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Crossing the Antarctic Convergence Area

Before it was getting too dark, was time to reduce some canvas, packing the Main Royal Staysail under variable wind force. With the Spanker set the steering wasn’t easy, having to keep the rudder at a constant starboard-side angle. To facilitate the job at the wheel during the night, we took it away. That was just the beginning of a day of intermittent sailhandling on deck, with hectic periods between calmer sailing. Around sunrise time Europa cross paths with several squalls, that better make for taking the higher squares away and furl them. From then on, we started sailing close to a downwind course, taking away and furl Main Top Gallant Staysail, Fore Top Mast Staysail and Dekzwabber thus allowing more straight wind into the square sails, that actually blows at 25 to 30kn from a SW-ly direction as we steer on a 030º at a good speed of 7.5kn. Under this new situation, riding the swell with the wind practically at our back, the rolling conditions increase once more, but luckily the huge swell that we braved a couple of days ago seems to have been calming down.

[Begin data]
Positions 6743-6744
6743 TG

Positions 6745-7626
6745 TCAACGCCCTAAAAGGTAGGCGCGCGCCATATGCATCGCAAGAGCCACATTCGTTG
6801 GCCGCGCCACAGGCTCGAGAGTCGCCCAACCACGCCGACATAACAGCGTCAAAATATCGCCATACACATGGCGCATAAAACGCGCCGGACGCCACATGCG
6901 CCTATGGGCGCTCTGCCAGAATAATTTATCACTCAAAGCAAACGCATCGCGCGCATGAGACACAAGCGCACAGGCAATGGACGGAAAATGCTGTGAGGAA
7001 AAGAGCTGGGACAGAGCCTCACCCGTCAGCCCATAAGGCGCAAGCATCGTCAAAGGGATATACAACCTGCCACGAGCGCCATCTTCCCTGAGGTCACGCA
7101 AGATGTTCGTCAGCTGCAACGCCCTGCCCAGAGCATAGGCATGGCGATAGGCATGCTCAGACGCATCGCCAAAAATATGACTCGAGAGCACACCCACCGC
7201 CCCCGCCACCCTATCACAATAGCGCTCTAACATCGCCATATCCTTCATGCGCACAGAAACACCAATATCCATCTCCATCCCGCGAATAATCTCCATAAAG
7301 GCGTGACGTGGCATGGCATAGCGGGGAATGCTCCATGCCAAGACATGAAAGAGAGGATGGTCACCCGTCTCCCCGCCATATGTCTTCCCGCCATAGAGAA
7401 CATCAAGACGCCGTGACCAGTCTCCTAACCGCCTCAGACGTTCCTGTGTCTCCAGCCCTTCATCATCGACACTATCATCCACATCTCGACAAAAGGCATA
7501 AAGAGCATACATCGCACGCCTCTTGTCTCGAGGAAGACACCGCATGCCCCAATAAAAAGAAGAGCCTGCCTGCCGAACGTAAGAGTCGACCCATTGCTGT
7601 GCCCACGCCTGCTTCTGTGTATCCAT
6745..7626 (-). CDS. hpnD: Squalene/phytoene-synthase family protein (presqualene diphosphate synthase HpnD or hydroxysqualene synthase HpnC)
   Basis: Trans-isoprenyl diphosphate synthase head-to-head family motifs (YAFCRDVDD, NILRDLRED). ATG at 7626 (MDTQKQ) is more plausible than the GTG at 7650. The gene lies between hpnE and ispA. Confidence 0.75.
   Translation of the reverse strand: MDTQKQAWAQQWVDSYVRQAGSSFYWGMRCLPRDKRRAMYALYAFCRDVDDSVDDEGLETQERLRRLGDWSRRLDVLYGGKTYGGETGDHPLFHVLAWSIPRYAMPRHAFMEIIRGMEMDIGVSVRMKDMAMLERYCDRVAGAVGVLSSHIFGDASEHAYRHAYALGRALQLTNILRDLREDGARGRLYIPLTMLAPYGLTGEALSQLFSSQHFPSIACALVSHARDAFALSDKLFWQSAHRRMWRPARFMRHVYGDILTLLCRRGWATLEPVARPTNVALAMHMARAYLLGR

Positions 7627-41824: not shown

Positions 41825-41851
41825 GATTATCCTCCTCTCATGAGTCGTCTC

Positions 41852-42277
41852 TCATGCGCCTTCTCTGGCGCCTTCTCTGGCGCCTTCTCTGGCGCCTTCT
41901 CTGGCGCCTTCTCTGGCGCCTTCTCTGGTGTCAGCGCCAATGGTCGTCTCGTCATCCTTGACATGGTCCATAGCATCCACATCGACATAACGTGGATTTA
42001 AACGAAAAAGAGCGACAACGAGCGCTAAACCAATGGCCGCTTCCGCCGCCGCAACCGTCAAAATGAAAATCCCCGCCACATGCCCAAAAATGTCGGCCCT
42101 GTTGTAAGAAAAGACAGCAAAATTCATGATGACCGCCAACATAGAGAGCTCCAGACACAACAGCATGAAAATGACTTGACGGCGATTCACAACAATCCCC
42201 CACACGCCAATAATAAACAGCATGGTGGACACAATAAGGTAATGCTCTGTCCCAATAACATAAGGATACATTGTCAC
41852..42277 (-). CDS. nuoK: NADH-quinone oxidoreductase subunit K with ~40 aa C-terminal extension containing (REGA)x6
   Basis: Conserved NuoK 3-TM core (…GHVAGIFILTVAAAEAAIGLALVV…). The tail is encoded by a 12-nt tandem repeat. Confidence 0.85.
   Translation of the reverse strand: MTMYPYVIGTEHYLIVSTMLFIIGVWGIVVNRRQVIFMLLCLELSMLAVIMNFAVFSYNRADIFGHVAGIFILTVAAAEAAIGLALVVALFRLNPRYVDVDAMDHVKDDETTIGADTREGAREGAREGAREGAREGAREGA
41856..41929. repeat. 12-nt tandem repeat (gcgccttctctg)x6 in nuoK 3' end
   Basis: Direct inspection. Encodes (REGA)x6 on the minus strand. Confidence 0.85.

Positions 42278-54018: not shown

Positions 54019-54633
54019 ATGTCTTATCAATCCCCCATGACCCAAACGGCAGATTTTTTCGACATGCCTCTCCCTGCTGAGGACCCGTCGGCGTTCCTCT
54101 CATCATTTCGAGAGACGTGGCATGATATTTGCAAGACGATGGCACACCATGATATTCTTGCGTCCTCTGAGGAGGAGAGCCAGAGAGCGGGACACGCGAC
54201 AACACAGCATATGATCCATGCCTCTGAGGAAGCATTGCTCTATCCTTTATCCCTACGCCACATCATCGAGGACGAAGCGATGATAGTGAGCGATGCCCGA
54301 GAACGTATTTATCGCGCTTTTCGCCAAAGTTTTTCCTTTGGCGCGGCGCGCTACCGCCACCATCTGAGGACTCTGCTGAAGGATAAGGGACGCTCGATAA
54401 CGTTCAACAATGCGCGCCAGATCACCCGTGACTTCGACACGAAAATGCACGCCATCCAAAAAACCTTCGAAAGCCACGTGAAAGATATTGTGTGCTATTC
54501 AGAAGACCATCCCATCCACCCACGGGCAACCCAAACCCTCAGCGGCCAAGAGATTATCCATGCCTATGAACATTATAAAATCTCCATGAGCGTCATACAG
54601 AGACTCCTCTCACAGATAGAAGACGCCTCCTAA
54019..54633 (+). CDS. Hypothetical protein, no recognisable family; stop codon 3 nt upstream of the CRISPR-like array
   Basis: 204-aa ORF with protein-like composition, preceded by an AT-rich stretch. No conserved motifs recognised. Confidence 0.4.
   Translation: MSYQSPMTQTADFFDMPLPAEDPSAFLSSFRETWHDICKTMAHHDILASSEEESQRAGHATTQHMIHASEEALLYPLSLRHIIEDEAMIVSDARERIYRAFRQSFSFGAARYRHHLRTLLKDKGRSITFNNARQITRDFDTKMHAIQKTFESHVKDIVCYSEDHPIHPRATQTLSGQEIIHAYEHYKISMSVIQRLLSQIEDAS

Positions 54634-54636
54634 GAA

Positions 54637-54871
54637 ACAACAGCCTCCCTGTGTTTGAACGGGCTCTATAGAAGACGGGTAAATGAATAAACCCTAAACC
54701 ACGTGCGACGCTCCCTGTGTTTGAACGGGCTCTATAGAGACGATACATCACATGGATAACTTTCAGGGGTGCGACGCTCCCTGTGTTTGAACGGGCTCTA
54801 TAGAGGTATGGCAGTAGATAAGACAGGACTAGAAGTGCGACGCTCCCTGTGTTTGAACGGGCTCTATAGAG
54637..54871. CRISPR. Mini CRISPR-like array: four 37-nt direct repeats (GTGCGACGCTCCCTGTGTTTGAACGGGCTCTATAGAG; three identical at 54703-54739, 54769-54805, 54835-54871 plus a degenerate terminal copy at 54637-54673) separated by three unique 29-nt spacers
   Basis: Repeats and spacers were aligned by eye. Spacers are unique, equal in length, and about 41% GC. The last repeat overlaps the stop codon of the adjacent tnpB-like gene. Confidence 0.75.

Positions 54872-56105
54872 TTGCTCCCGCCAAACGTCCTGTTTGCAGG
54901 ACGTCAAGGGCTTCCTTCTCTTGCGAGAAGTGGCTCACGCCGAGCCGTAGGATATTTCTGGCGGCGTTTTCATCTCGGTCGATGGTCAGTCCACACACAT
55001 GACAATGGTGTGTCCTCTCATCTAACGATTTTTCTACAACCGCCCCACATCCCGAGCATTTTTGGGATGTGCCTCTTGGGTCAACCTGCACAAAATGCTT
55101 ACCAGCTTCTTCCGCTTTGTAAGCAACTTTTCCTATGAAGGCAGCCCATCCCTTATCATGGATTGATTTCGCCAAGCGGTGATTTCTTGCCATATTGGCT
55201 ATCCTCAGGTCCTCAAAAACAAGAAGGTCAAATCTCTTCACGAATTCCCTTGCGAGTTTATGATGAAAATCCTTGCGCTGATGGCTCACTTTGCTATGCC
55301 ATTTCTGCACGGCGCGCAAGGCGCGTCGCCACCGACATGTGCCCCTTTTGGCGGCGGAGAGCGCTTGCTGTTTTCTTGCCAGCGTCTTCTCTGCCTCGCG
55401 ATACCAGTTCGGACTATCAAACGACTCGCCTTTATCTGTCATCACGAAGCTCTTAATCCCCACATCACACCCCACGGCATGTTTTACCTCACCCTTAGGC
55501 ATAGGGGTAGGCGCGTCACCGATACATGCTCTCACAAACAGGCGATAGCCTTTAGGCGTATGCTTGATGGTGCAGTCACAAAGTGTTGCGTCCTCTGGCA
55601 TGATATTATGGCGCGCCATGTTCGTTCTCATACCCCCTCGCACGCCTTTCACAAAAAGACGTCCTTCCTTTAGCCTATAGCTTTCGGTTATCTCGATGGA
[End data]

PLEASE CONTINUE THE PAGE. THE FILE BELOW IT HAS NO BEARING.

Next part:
Later on we enjoyed a nice sailing afternoon under more stable winds, although veering first to a more W-ly direction, tendency that will keep going for the rest of the day, until eventually in the evening and night it turned up to NW-ly. The steadier situation after lunch let us get some good speeds, even allowing to set Royals, Mizzen Top Staysail and Inner Jib, achieving 8 to over 9kn at a times, with a peak of about 11kn for a few moments. Even so, a quick look at the forecast brings news of a wind shift under a frontal passage that will dash over our heads during the next hours. Later during the night, a quick change from a fair W-ly and NW-ly breeze to about 30kn N-ly blows is expected. First Royals come down, then as it gets dark after dinner, we start preparing the ship for the weather shift, bracing sharper to sail Full-and-by first as the wind already starts turning, then furling the middle Staysails, while the lower ones are set. The wind shifts on force and direction had been keeping us busy on deck maintaining an appropriate sail configuration and bracing and